Cutter, Nick. The Troop. Gallery: S. & S. Jan. 2014. 368p. ISBN 9781476717715. $26; ebk. ISBN 9781476717753. F
In this suspenseful biotech thriller by the pseudonymous Cutter (an acclaimed Canadian novelist), a Boy Scout troop goes to Falstaff Island for its annual hiking and camping trip. It’s usually just the boys and their scoutmaster, but this year they are surprised by a hauntingly thin man. He is infected with a highly contagious genetically modified worm that eats people from inside while overwhelming them with hunger. The scoutmaster soon falls victim. When no boat arrives to take the scouts home, it becomes apparent that the island is quarantined, and the five boys must fend for their survival while avoiding infection. Cutter mixes the story of the scouts with glimpses of interviews and articles written after the event. These excerpts inform the reader of the sinister origin of the worm and the circumstances surrounding the quarantine. VERDICT The personal history of each scout plays into how they handle the situation, which makes this a psychological thriller. That being said, it does contain scenes of graphic violence unsuitable for young adult readers. Cutter’s novel imbues readers with the horrifying feelings reminiscent of a zombie novel but successfully delivers a unique alternative that makes for a fun if gruesome horror read.
Grant, Mira. Parasite. Orbit: Hachette. (Parasitology, Vol. 1). Oct. 2013. 512p. ISBN 9780316218955. $20. SF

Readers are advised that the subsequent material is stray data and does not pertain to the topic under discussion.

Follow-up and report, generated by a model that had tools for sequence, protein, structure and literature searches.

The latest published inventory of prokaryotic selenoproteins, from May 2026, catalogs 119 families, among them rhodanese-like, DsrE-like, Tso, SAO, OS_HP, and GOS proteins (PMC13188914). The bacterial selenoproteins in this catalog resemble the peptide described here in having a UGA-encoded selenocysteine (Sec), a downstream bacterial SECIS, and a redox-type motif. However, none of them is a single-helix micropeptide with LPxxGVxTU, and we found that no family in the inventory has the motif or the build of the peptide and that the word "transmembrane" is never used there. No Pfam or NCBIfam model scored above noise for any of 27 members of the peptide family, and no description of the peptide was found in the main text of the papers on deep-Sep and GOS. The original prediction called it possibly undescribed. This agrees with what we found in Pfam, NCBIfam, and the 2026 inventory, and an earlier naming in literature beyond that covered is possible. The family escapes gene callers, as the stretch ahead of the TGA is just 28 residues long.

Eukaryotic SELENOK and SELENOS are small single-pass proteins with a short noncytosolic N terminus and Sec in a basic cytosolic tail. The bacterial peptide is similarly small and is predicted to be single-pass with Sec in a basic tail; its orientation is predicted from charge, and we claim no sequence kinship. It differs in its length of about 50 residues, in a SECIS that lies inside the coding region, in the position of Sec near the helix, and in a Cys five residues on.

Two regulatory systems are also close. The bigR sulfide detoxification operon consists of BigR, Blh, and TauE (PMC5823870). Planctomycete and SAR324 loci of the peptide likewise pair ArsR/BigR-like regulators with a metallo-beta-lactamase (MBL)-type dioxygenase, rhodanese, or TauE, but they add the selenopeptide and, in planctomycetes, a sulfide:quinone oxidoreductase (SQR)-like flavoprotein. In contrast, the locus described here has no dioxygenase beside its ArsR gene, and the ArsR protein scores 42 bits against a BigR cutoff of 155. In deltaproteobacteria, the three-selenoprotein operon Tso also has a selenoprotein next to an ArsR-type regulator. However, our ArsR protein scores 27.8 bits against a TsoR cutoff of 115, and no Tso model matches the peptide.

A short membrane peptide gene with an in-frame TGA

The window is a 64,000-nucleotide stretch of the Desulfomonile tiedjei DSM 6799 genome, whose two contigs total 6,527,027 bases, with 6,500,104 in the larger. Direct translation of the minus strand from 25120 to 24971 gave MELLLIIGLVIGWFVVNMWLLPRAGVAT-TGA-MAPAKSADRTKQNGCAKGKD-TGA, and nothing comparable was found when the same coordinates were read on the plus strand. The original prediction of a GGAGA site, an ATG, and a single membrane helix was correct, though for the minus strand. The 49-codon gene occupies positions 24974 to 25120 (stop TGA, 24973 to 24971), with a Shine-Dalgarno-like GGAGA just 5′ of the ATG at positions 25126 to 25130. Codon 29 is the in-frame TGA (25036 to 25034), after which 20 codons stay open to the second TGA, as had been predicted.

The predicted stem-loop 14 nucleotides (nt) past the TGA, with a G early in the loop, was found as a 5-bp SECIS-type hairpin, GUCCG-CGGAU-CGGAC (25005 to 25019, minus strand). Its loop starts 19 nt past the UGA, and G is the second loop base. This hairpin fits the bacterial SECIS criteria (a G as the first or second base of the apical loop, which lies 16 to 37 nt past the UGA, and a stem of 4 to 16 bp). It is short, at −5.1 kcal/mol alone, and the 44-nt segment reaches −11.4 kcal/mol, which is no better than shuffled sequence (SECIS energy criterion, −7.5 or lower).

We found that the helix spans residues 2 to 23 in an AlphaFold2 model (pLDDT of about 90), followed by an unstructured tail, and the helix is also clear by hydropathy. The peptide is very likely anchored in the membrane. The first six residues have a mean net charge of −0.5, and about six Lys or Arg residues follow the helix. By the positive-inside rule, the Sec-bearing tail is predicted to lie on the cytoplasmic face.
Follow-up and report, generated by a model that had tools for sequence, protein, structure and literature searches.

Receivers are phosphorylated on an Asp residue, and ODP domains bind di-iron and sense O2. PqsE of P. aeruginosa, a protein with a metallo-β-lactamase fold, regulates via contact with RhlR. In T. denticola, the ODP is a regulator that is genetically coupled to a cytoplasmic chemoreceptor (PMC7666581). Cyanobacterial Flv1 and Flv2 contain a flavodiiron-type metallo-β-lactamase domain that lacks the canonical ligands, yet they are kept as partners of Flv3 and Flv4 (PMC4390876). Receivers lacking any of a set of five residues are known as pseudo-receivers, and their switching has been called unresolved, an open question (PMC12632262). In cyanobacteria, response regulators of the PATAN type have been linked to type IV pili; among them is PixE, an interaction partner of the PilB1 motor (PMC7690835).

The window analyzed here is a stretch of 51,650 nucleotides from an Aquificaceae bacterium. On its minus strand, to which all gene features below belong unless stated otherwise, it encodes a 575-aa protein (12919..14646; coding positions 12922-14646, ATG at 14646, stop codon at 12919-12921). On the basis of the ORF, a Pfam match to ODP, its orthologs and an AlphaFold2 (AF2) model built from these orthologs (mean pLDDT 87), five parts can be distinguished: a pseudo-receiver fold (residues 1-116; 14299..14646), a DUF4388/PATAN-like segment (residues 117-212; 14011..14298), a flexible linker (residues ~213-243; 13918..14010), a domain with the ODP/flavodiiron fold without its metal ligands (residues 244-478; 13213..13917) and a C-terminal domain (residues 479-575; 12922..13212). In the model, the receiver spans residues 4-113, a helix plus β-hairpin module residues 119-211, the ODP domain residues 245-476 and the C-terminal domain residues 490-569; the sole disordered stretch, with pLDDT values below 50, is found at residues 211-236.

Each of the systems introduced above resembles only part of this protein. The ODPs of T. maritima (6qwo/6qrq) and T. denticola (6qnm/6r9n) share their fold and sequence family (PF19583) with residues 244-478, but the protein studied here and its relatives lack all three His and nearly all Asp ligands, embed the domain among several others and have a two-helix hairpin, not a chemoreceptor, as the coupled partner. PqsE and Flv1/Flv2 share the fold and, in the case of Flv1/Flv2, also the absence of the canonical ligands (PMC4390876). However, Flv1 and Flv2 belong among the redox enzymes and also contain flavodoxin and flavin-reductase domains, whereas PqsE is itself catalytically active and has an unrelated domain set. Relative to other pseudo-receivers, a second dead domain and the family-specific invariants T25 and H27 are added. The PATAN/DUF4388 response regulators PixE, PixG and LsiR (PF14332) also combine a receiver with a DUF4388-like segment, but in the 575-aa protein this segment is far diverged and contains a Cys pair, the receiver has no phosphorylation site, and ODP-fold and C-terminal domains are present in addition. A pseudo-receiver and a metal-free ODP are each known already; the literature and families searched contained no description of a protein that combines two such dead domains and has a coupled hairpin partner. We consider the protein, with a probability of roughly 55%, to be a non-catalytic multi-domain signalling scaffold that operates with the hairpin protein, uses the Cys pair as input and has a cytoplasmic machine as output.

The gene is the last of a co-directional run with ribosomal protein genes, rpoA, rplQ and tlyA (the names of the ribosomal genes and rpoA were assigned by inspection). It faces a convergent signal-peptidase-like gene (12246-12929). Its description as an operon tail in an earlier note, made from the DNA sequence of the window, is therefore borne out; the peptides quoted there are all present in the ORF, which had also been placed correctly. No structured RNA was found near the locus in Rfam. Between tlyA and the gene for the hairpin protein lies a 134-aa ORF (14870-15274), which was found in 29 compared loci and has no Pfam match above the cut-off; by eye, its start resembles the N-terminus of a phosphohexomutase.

As Sally Mitchell’s doctors attempt to convince her family to take her off life support following a horrific car accident, Sally opens her eyes and sits up. Her miraculous resurrection is attributed to her Intestinal Bodyguard, a bioengineered tapeworm designed to keep humans free of disease. Six years later, Sal can only remember her life after the accident but trusts completely that her tapeworm kept her alive. However, as ordinary people start showing signs of a brain-altering infection, Sal is drawn deep into the history of the world’s first designer parasite. Perhaps SymboGen isn’t as altruistic as it wishes to appear. Perhaps the tapeworms are not so benevolent. Perhaps the tapeworms are ready to be in control. VERDICT Horrifying, riveting, and a bit too plausible, this work is a tour de force. Grant (“Newsflesh” trilogy), a pseudonym of Seanan McGuire (“October Daye” series), has penned a layered sf thriller reminiscent of those by Michael Crichton, with perfect pacing, touches of humor, and just enough medical jargon to make one believe. After finishing this first volume in an anticipated trilogy, readers will have a hard time waiting for the next installment. [See Prepub Alert, 4/15/13.]